Networks raced to Oklahoma as the horror from the Moore tornado mounted on Tuesday morning.
With a large number of victims and unbelievable devastation all around them, there was a lot for journalists to grapple with.
NBC News sent virtually its entire top-line team to Moore. "Today" had been planning a special week of coverage from fun spots around America, but instead of going to Yellowstone, the show went to Oklahoma.
"I can see only one structure that even resembles a house," a shaken Matt Lauer said as he stood in front of a massive pile of rubble. Flying over the scene in a helicopter, Natalie Morales echoed those thoughts, describing what she called "complete and utter destruction."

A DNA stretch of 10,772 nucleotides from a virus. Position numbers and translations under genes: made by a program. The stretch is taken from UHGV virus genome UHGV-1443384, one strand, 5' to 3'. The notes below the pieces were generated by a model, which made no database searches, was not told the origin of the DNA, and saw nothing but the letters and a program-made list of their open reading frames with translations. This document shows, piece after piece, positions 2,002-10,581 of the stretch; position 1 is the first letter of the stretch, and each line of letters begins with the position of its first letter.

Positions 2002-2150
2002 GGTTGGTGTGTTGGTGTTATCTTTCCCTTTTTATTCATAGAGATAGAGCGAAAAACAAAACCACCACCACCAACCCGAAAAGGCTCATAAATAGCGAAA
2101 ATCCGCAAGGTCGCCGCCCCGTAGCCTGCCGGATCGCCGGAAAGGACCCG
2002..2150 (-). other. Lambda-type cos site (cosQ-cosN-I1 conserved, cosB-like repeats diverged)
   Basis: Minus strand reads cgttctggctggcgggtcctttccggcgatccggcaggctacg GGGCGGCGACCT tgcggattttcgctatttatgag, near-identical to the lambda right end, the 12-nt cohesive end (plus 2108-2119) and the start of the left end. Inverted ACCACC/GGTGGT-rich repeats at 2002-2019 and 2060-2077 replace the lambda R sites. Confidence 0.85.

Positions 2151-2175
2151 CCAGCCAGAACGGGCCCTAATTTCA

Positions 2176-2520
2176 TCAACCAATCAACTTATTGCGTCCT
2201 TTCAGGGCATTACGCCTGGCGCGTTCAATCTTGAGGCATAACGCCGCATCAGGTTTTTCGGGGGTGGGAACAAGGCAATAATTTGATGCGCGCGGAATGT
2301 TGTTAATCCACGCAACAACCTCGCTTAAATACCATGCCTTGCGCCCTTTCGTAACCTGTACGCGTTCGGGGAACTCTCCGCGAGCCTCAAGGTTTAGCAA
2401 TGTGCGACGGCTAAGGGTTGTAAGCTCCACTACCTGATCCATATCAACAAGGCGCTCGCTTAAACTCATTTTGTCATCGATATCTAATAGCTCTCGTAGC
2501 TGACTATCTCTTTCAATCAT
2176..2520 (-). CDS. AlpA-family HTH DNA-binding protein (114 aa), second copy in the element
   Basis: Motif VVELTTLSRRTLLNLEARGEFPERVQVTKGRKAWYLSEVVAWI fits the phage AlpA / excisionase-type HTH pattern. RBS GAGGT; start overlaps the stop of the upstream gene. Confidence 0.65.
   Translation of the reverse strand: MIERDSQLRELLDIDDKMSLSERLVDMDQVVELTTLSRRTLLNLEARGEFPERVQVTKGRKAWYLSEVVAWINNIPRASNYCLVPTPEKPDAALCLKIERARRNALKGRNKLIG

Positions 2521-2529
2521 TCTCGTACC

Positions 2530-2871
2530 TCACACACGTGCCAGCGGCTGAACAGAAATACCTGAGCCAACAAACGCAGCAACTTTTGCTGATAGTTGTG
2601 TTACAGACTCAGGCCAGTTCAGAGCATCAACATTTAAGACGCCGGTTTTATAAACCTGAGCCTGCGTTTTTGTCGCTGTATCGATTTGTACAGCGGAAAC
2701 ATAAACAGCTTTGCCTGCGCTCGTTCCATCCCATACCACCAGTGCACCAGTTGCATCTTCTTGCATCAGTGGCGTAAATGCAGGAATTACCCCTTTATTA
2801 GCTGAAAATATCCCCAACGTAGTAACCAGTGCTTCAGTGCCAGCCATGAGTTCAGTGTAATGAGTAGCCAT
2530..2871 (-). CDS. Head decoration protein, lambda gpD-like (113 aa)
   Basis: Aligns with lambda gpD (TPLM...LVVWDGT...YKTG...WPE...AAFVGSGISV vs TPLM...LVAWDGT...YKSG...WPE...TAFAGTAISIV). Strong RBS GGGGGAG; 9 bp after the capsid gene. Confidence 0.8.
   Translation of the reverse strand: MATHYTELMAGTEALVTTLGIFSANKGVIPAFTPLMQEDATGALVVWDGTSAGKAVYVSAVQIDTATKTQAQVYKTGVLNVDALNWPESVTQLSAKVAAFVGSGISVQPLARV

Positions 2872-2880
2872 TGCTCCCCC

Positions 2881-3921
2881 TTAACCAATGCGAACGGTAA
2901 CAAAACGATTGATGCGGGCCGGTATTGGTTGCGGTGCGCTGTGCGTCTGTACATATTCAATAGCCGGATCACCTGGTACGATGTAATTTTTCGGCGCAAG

"NBC Nightly News" was also scheduled to air live from Oklahoma.
ABC News kept George Stephanopoulos and Robin Roberts in New York, sending David Muir and meteorologists Sam Champion and Ginger Zee to Moore. Zee said that she was stunned to be in the same place that had been struck so hard by a tornado in 1999. She had been taught about that tornado in her meteorological school, she added.
CBS News, which had the first evening news report from Moore, sent Norah O'Donnell and Scott Pelley to the scene. Cable news networks offered rolling coverage, with MSNBC sending the "Morning Joe" team to the site.
The country's newspapers splashed the story across their front pages. Many carried one terrible, poignant picture taken by the AP's Sue Ogrocki of a woman carrying her child away from the destruction. In a piece for the AP, Ogrocki added a note of hope:
In the 30 minutes I was outside the destroyed school, I photographed about a dozen children pulled from under the rubble.
I focused my lens each one of them. Some looked dazed. Some cried. Others seemed terrified.
But they were alive.